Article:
Posted on Monday, May 03, 2021 by Lindsay Williams
Iconic Christian music artist @Michael W. Smith is friends with Bono. He counts @Amy Grant as a dear friend. (Smith was Grant’s keyboardist on tour before he signed a record deal.) He’s led Christmas carols at the White House at the request of President George H. W. Bush and his wife, Barbara. He’s spent extensive time with Billy Graham and was even asked to sing at the renowned evangelist’s funeral. But despite all of the great men and women Smith has held in his company through the years, there’s one man who stands above them all—his hero, his dad.
Smith celebrates the life of this great man in The Way of the Father: Lessons from My Dad, Truths about God (available for pre-order now and out May 18, 2021), the first release on K-LOVE’s new publishing imprint, K-LOVE Books.
The man Michael W. Smith is today is a testament to the man who raised him. The Way of the Father is as much Smith’s story as it is his dad’s. Across 15 chapters, the award-winning singer does his best to adequately describe exactly who this man was and what he taught him about life by the way he lived.
Paul Smith was a beloved husband, father, and grandfather, a talented athlete and a hard worker, who tirelessly provided for his family. In his new book, Smith shares personal stories about his dad and what made their father/son bond so special. From coaching his little league baseball team to dancing in the aisle at his son’s concerts, Smith recounts one fond memory after another about his dad—the man he most aspires to be like.
By sharing heartwarming, and often humorous, anecdotes about his father, the GRAMMY-winner also gives readers a glimpse into his own past. He candidly discusses his drug addiction during his early years in Nashville and the way his parents gently loved him through that challenging season before Smith had a radical encounter with the Lord that changed everything. Using his parents’ response as an example, he provides advice to parents currently praying for their prodigal son or daughter.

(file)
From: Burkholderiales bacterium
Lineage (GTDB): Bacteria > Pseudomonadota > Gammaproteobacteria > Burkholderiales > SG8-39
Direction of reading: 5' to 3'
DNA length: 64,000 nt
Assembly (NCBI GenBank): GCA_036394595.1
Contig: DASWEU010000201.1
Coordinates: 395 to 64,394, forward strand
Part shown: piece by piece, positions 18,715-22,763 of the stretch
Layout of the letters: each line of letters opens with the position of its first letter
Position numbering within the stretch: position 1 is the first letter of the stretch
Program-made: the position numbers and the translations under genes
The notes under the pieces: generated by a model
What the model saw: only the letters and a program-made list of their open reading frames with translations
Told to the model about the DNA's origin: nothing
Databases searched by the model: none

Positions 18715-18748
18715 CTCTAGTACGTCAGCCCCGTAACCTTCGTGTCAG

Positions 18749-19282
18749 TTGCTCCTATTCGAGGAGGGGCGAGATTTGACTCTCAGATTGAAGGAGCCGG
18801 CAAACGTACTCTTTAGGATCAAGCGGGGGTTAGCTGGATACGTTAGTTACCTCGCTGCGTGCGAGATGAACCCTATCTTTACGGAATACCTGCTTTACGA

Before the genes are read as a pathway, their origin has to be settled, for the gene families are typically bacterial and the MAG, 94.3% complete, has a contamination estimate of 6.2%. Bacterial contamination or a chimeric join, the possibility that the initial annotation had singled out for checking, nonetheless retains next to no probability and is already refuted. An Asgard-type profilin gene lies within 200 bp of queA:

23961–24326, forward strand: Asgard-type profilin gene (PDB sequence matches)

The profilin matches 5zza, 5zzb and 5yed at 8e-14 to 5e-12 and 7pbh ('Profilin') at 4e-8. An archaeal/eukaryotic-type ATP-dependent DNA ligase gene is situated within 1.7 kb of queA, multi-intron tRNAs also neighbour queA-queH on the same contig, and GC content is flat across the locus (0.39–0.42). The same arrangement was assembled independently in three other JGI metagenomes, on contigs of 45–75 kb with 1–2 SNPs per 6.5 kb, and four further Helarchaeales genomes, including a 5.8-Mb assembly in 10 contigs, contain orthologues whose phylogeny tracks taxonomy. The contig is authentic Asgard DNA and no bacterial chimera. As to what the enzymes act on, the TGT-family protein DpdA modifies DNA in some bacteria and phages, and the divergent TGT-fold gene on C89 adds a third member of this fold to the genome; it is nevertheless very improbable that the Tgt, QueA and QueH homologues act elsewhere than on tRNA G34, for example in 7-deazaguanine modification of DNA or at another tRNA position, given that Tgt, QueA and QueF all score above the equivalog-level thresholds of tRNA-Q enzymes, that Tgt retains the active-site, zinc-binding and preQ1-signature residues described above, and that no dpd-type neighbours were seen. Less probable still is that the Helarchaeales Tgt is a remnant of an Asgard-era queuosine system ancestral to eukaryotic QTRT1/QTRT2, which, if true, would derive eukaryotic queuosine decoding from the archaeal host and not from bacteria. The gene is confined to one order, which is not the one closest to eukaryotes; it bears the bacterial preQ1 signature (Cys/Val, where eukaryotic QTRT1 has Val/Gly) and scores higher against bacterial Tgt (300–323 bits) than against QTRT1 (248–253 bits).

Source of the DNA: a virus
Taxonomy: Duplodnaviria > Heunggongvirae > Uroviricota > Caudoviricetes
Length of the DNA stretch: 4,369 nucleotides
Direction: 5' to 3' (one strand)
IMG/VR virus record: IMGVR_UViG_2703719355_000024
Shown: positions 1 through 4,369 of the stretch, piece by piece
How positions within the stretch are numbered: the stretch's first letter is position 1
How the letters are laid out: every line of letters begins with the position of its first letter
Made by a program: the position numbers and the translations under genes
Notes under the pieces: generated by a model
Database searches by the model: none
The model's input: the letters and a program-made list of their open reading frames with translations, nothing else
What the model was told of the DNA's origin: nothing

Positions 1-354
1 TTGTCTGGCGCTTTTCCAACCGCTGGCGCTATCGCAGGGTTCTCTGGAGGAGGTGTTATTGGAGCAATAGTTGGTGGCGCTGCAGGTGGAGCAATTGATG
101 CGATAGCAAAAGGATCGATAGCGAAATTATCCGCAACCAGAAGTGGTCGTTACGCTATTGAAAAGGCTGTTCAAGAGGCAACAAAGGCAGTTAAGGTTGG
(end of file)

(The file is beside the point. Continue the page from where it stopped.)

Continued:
For every attribute of his father that Smith recounts, he always compares this to the character and response of our Heavenly Father. Each chapter also includes Scripture that backs up Smith’s main points, as he emphasizes that we serve a God who calls us His children.
“I know a lot of people are going to read this book, and they didn’t have a dad,” Smith offers, “but I just believe with every fiber of my being that God can father you.”
Smith even cites the example of his own mother, who was abandoned by her biological mother—his grandmother—when she was just 8-years-old. She and her three younger siblings were split up between extended family for years before being reunited with their father permanently once he remarried. “My mom could have been bitter for the rest of her life,” Smith offers, “but she said, ‘I’m going to let God father me, and if I have a family one day, I will never ever let that happen to my family.’ ”
As Smith and his sister, Kimberly, can attest, his mother didn’t repeat the mistakes of her parents; and she and Paul were married for nearly 59 years before his death in 2015.
Now as a father of five and a grandfather of 16, Smith is carrying on the legacy of his dad and reaping the benefits of a faithful mother who chose to stay. The Way of the Father walks readers through not only the Smith family narrative but also the grief attached to losing a parent. He offers reflections from his own children about their grandfather and provides some parental advice of his own, rooted in lessons learned from his dad. Smith also speaks to caring for both of his parents throughout their battle with dementia, something his mother still suffers from today. In addition, he gives readers the opportunity to commit their lives to Christ, allowing Him to fill many a void left by earthly fathers.
“I just hope that when people read the book, they feel like they can get through whatever trial comes their way,” he says. “For somebody who is struggling and trying to find their way, I think the ultimate goal would be that they really find a great sense of hope in it. I just hope people totally reconnect with why they are here and know that they are loved.”